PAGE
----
Full review at EFC

"Inherent Noise"

* * * (out of four)
Seen 20 September 2014 in Alamo Drafthouse South Lamar #7 (Fantastic Fest, DCP)

Nifty little short by Karol Jurga here, although I've got conflicting feelings on how it could have been made even better. It's built around a cool, creative idea - a young woman who looks after an old man follows his footsteps by the sound of a recorder he dropped - but the structure around it which gives the short its stakes is kind of vague and filled in after the fact. On the other hand, it takes a minute or two to figure out what she's doing (a non-trivial amount of time in a 17-minute short), and I don't know that it's really highlighted.

Still, it's a nifty idea, and I quickly grew fond of the small cast, even if we mostly see them in sequence as opposed to together. Jurga uses the filmmakers' tools to ramp up suspense quite well indeed, so there is a good, creepy feeling throughout. It's not the sort of short that could be expanded into a featuer without burying the thing that makes it interesting, but it's a nifty little piece from a director whose future bears a watch.

Tommy (2014)

* * * ½ (out of four)
Seen 20 September 2014 in Alamo Drafthouse South Lamar #7 (Fantastic Fest, DCP)

I wonder if Tommy might get dinged a bit for not necessarily being the expected movie that its premise suggests. You know, the one where the underestimated woman at the center is eventually revealed to always be three steps ahead of everyone around her - or if not quite that far ahead, still the smartest person in the room. This one is more about a gamble, which some may not find quite so satisfying.

I dig it, though. Moa Gammel has a neat trick to accomplish in presenting Estelle as someone who could be that woman, and by the same token is someone the characters she encounters is going to underestimate. She's maybe not quite presented as the underdog she could be seen to be, but that's okay; it's a different feel. I do think that the plot could have been streamlined a bit; there are a lot of characters running around that may be difficult to keep straight.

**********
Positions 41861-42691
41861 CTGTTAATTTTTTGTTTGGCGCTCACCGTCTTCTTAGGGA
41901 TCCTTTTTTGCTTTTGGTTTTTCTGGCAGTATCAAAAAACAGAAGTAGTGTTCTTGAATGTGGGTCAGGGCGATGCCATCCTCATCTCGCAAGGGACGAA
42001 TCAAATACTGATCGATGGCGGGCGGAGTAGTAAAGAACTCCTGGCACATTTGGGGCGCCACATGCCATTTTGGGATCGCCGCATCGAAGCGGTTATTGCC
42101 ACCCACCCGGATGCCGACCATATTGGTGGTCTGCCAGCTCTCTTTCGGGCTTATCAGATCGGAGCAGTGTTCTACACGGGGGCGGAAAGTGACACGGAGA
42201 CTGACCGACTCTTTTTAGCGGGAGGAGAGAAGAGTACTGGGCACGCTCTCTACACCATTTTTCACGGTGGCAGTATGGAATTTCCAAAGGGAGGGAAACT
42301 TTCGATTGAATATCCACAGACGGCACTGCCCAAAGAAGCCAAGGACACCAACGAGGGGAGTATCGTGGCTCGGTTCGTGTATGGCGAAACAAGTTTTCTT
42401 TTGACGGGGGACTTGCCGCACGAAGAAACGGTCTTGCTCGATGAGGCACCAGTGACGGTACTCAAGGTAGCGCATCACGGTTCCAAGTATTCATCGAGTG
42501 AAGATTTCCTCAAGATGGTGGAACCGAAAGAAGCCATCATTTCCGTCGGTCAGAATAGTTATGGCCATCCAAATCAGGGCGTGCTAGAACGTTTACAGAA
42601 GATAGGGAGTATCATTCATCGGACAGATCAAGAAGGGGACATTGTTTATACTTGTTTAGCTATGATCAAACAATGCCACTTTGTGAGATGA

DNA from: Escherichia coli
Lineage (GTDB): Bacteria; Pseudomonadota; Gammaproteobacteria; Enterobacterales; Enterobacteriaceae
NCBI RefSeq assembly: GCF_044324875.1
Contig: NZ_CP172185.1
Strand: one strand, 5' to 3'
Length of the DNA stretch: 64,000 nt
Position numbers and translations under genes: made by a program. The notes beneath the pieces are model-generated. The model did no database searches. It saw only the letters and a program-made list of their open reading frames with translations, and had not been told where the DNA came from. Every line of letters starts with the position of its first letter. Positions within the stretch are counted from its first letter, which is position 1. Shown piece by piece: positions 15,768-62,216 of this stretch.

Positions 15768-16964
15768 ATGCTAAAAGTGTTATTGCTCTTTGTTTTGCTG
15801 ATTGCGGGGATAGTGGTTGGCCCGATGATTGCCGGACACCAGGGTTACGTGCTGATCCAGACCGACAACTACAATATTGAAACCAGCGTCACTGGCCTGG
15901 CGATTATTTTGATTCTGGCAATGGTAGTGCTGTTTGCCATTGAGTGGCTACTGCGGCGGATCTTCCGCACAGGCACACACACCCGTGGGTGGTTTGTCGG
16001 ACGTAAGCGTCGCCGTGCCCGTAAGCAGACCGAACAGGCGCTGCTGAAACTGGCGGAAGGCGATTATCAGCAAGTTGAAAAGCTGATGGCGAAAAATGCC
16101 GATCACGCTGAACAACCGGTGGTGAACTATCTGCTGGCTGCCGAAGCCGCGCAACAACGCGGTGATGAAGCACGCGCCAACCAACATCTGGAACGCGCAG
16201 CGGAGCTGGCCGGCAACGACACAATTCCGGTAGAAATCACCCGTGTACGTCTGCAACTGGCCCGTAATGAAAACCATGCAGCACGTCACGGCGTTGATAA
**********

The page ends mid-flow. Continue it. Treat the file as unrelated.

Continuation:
Full review on EFC

Kawaki. (The World of Kanako)

* * * ¼ (out of four)
Seen 20 September 2014 in Alamo Drafthouse South Lamar #7 (Fantastic Fest, DCP)

The latest from Tetsuya Nakashima is not quite so sublime as his mid-aughts peak (Kamikaze Girls and Memories of Matsuko is a heck of a one-two punch), and it kind of stretches out too long, padded by some increasingly ugly violence. On the plus side, though, it is energetic as all heck, propelling the audience through the underworld with a protagonist that they're not supposed to like, but who makes it hard to look away. KojiYakusho is pretty great as the title character's terrible father, even if he is playing something of a monster.

Nakashima is still making stylish movies, too - this one takes a lot of cues from 1970s cop films, especially ones from America, but also will make crazy jumps to very modern youth-oriented imagery. There are inserts which poke a little fun at the cartoonish amounts of blood spilled. Generally speaking, he does a great job of keeping the audience in even as this movie comes closer and closer to having a pitch-black heart that might easily push a lot of viewers away.

Full review on EFC

The Editor

N/A (out of four)
Seen 20 September 2014 in Alamo Drafthouse South Lamar #5 (Fantastic Fest, DCP)

Hit the wall pretty good during this one, which is a shame. I wound up having the same issue with it that I did with Manborg - the Astron-6 guys are tremendously talented, and do some amazing things putting their movies together, but they consistently use those skills on parody/homage of movies that aren't very good. At least with Manborg, I could see where they were taking the best of a genre and executing that well, but not having the same attachment to the giallo films this one brings up, I kind of got worn down, even though the silly jokes were often working better than they had any business doing so.